Well, if you take out 401K funds using a “Hardship Clause” to buy your 1st home, you will pay huge tax penalties on what you cash out come tax-time. However, if you buy smart, you will have recouped your tax loss by not paying RENT all dang year, lol. In 1993 we bought our 1st home ever, and we were able to raid my hubby’s 401k to obtain the down payment. The reason we did this was because it was the only $$ we had as far as a savings…yes, we got nailed for the taxes, BUT, we were not able to buy a home ANY other way at the time. Now, we have tons of equity. We had blah credit, but our realtor was a brilliant snake in the grass and got us a great deal on a court-ordered sale in a fantastic location, with a wonderful FHA loan, too! Although I know there are other options for us NOW to buy, at the time, when interest was at it’s very lowest, and programs for 1st time buyers were in place, we did what we had to do to get the property. We did good using our 401k, since there was no other option for us at the time, and we have no regrets at all. Now, I have new options available to me to purchase additional investments. Sometimes you gotta PAY to get in the game. :wink:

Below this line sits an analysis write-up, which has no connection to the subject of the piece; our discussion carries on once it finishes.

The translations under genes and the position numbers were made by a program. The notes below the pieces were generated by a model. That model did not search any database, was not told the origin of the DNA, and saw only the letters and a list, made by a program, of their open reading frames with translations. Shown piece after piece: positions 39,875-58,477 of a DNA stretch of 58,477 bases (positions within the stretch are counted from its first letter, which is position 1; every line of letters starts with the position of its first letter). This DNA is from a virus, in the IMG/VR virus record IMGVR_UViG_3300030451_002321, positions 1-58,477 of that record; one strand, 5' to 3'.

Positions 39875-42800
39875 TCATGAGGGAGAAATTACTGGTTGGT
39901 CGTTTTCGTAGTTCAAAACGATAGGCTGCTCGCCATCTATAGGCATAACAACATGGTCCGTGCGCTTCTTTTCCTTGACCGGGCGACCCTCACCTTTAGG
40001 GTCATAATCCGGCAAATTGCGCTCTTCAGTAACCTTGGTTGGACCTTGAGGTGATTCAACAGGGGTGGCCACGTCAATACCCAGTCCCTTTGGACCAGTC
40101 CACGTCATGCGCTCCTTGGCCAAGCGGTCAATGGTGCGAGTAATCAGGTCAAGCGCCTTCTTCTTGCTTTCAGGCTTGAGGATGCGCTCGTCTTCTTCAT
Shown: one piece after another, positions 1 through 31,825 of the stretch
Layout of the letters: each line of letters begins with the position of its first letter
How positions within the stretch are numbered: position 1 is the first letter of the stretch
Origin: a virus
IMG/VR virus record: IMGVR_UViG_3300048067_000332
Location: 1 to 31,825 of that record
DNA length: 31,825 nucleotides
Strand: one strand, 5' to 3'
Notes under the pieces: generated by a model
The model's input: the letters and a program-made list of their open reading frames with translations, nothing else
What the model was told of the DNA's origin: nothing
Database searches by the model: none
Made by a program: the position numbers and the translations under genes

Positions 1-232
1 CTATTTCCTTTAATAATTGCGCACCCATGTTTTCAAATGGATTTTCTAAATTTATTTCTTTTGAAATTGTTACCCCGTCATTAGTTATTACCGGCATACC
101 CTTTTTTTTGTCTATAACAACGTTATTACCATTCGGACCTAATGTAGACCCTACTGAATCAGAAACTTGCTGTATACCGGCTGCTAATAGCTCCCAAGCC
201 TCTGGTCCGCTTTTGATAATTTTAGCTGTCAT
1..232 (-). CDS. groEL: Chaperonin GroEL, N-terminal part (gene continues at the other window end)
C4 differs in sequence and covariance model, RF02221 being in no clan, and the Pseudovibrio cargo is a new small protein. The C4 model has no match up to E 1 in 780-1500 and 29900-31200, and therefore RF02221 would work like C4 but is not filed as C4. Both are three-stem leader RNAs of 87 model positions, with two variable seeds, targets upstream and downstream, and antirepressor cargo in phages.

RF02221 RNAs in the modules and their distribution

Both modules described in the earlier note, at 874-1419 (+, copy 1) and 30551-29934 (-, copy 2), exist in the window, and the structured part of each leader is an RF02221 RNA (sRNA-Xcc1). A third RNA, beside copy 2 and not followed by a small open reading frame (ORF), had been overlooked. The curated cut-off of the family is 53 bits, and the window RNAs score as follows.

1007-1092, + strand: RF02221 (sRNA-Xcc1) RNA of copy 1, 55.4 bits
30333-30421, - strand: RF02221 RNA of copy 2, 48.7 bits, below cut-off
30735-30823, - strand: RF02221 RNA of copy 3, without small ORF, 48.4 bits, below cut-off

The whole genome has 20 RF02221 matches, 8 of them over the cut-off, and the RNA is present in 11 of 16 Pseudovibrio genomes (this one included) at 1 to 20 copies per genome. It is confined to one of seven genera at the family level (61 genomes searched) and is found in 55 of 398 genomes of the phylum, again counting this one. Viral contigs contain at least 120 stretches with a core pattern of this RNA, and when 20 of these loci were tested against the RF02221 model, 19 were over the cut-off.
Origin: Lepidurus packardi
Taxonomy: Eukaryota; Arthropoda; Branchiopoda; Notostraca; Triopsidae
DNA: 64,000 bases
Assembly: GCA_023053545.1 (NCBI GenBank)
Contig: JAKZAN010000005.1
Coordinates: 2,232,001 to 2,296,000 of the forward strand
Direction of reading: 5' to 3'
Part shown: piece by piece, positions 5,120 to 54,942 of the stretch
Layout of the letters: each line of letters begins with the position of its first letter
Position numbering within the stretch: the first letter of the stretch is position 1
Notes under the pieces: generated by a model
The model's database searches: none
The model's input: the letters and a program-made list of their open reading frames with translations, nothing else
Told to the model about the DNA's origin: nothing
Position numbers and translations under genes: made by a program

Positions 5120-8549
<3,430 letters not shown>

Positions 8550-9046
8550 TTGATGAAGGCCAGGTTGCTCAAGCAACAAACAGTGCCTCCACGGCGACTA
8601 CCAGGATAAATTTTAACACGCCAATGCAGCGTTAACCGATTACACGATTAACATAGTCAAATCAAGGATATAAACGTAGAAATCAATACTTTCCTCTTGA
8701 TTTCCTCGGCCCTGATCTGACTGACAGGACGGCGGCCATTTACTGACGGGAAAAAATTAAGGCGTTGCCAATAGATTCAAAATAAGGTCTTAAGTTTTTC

What do you think of this way of using my 401K?

I thought of taking a 15K loan against my 401K, less then half of my funds, so I can do I flip. This way I can fund my own rehab. I will have to pay a monthly payment for a couples months while the houses is fixed and sold. From the profit I would pay myslef back the whole loan amount and still have some cash to do the next rehab.


What do you think about my loan against the 401K? Still a NO for most of you?


I think that retirement is retirement, BUT if you can get a loan, and that will start you on your way to making substantual wealth, I say borrow it. To get started I have done some things that I would not recomment anyone else do, but it was a risk I was willing to take. I think that as access to funds to get started and you are looking to get bigger than a house or two, do it.

i’ve read a few books which showed how the 11% market return was a myth. the average investor makes 6% in the stock market over a 20 year period.
your loan from your 401k should be around 5% which isn’t too much of a hit. 1% to make a lot more in RE, definitely worth it.
just make sure its a good investment. you don’t want to lose your retirement funds!